Grape Hyacinths Helps Locate Other Bulbs
One problem gardeners have as they build up the bloom in their flower beds year after year is trying to remember where they planted spring-blooming bulbs the previous years. After all, at fall planting season, the bulbs from previous years are fully dormant, buried in the ground, and show no sign of their presence. So where exactly did you plant those hyacinths and tulips last year? After all, you don’t want to dig them up while planting this year’s choice of bulbs.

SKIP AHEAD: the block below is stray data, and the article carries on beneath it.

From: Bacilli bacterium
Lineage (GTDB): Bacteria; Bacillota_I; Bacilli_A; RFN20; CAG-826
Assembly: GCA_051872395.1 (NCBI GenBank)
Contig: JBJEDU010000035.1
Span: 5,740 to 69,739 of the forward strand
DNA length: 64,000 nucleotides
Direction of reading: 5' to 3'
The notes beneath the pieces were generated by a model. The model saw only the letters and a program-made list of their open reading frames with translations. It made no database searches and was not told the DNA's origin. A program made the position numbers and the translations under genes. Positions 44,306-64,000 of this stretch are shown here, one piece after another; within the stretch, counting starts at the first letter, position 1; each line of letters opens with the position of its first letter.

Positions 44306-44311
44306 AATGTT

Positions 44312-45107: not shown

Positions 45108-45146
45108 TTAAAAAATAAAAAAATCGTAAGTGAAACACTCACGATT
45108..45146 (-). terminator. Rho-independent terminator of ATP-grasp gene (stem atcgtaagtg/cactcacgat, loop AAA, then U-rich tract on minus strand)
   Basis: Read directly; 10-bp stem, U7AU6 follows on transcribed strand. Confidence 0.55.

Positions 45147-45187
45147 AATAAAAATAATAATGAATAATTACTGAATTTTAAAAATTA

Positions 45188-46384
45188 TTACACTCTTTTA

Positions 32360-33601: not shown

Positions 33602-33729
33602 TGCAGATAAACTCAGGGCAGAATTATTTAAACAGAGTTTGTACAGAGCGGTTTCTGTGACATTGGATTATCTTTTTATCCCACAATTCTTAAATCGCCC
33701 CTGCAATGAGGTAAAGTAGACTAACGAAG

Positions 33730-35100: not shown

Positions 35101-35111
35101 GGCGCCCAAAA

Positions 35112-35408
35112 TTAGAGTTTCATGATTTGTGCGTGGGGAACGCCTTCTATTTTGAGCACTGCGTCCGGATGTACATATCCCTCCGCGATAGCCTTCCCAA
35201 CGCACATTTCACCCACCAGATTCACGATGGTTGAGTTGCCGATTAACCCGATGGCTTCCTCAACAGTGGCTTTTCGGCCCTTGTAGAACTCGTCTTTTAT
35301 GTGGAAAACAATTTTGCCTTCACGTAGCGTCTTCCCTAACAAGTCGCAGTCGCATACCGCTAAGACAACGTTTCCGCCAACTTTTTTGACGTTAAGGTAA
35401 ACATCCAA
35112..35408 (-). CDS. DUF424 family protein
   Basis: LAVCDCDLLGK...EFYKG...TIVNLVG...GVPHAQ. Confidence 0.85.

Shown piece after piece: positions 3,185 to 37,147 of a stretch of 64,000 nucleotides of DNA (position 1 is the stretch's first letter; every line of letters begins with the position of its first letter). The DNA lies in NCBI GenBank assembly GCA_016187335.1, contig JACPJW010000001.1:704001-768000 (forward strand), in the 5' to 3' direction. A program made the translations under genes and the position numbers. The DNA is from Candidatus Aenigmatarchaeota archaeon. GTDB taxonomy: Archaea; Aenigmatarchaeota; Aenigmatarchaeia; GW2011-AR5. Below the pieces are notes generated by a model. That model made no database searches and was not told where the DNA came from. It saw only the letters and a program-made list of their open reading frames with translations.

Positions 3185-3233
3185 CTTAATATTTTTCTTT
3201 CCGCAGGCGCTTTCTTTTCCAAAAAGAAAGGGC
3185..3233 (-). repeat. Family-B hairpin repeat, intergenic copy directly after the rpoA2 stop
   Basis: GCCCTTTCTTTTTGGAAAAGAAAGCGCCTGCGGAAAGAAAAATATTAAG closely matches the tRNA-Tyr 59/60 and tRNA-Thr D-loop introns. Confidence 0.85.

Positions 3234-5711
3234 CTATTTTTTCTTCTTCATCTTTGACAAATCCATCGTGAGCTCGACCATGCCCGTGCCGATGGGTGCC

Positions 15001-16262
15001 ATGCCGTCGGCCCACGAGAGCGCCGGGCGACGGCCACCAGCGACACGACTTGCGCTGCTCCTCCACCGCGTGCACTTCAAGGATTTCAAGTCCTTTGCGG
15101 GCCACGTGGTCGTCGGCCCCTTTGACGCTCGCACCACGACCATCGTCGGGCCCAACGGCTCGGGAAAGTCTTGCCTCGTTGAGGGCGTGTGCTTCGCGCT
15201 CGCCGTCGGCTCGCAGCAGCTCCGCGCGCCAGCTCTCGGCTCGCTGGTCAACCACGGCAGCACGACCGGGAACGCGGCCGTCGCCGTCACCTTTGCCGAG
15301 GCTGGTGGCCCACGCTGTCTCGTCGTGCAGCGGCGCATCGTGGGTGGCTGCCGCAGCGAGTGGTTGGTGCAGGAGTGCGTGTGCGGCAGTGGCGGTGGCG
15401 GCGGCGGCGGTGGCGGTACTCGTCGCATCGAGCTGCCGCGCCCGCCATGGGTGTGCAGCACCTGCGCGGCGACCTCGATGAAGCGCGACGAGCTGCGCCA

One way to remember where each cluster of bulbs is planted is to surround it with a circle of grape hyacinth bulbs. Grape hyacinths (Muscari spp.) have the curious habit of producing foliage in the fall even if they don’t bloom until spring. When you see circles of narrow, linear, bluish green leaves (see photo) start to pop up in your fall garden, you’ll know there are other bulbs planted in the center and will therefore know where not to dig.